The company helps marketers achieve their branding and performance objectives in a high-quality, brand-safe context. Its sites connect in-market shoppers with more than 7,000 marketers and sellers, driving industry-leading conversion rates and $1 billion in commerce transactions annually.
Purch is a high-growth, privately held company with more than 350 employees and offices across the U.S. and Europe.
For more information on Purch, visit www.purch.com or follow the company on Twitter, LinkedIn, and Facebook.
 Source: comScore U.S. Media Metrix, Tech-News category ranking by unique visitors, PC audience, September 2014
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StevoLincolnite - Friday, December 19, 2014 - linkAlso, don't forget, that Wikipedia is proof of different business models working.
It is one of the largest websites on the internet.
And does not have a single advert.
FlyTexas - Friday, December 19, 2014 - linkWikipedia is a good example, and I donate my $35 to them every year...
If AT ran in a similar fashion, I'd do the same...
TinHat - Friday, December 19, 2014 - link+100
JonnyDough - Sunday, December 28, 2014 - linkA good product sells itself. Marketing is not necessary for economy. The business college I attended defined marketing as convincing a consumer that a want is a need. You might call it tricking, brainwashing, etc. I don't need to be marketed to and I prefer not to be. If I have a need, I will research a solution. If I have not heard of a "must-have, state-of-the-art product" then odds are I can do without it. The profits of my hard labor are not free for the taking any more than a writer's are. Your view places a writer's time above my own and because you are a writer your opinion is biased.
I'd be fine paying for newspapers online. However, it would be nice to not have garbage printed online and a bit more accountability for so called "journalists" who never studied writing at all or know what integrity is.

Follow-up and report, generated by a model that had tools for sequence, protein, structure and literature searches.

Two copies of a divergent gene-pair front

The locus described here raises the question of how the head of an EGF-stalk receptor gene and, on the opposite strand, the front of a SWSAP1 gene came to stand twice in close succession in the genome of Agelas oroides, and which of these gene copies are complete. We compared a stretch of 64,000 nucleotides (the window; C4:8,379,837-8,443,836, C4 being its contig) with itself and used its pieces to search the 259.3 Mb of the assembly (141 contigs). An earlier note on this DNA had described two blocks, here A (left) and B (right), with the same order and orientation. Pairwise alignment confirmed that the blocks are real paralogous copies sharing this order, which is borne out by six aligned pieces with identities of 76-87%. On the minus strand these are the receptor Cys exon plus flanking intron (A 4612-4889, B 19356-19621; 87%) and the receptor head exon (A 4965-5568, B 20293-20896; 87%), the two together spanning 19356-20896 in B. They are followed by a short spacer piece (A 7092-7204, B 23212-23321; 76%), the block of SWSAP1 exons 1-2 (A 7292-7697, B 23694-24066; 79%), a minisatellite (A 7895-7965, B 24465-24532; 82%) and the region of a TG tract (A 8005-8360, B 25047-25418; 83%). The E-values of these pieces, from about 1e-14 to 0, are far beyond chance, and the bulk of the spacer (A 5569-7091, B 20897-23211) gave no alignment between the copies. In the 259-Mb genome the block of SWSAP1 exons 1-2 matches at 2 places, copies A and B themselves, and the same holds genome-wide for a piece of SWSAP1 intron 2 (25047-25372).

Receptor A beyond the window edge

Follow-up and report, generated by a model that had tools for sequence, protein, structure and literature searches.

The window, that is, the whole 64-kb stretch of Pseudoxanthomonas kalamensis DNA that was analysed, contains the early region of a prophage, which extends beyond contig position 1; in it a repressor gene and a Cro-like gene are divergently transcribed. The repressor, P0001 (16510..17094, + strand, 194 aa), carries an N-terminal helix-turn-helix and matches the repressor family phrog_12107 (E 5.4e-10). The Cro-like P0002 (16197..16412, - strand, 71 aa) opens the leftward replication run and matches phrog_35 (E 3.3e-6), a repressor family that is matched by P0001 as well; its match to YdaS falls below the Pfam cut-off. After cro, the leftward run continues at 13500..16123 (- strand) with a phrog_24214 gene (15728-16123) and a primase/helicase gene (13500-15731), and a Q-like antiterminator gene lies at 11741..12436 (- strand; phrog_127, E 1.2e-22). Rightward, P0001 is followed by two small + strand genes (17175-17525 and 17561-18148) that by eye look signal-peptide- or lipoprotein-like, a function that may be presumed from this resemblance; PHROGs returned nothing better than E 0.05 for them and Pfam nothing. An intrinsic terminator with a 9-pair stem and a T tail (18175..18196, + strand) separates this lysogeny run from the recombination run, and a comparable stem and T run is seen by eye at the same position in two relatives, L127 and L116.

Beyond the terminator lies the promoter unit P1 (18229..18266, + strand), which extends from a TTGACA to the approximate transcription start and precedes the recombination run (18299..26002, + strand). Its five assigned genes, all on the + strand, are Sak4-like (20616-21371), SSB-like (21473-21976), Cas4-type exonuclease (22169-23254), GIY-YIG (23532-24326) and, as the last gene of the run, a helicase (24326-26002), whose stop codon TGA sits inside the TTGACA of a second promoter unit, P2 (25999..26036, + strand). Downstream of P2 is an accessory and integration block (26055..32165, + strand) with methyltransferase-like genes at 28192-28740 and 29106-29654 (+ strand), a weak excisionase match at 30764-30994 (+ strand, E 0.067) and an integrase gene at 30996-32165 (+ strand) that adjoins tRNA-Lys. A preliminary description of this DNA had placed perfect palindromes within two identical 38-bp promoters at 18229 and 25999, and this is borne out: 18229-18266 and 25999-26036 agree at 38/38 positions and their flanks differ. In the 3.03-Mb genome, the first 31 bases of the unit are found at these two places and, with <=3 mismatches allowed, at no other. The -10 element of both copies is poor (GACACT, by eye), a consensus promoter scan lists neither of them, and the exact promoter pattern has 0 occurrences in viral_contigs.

akula2 - Thursday, December 18, 2014 - linkAT wasn't profitable? Who said that?
JonnyDough - Sunday, December 28, 2014 - linkDid you read the article? It just said that Anandtech has been very profitable as of late...
Klug4Pres - Thursday, December 18, 2014 - linkThat is a thing in criminal prosecutions, yes.
However, when it comes to estimating the effect on a business of a corporate take-over, the phrase "innocent until proven guilty" can only be used metaphorically, and in that sense I would say the reverse is true - "guilty until proven innocent".
So many businesses are destroyed by new management. Who do you think would care more about the quality of content on Anandtech, the renowned and eponymous founder, Anand Lal Shimpi, or a corporate employee whose job is to increase advertising revenues from the site?
A lot of warm words are always uttered in circumstances such as these, but mostly they are insincere. We shall see.
FlyTexas - Thursday, December 18, 2014 - linkOf course not, no time has passed... But this isn't a court of law, this isn't an innocent or guilty thing, it is just business...
The new owners will want to cut costs, they may well have two sites and two articles, but do you really think they will want to keep paying two groups of people to run the same tests in two different locations on the same hardware?
JarredWalton - Thursday, December 18, 2014 - linkThe new owners want to earn money, and AnandTech has been quite profitable basically since it was created. Cutting costs is generally only needed if a business is losing money, and that's not the case at all. You can look at traffic numbers and estimate how much money AnandTech makes per month, and my bet is it's far more than enough to support everything we do and then some. But since Anand can't really own the site and do much with it (without a severe conflict of interest), he's passing it over to a group that can.
Klug4Pres - Thursday, December 18, 2014 - linkMaybe it has been profitable in Anand's hands, but we don't know how much of those profits have been capitalised in the acquisition price. Nor do we understand the incentives of the new managers. Maybe the business is now highly leveraged, and the managers see a quick return from their advertising network, which they can extract in bonus payments in the next few years without caring about sustainability or quality.
I know, Anand personally scoured the publishing World for a whole year to ensure the site would end up in safe hands, just like Tom's Hardware, oh wait...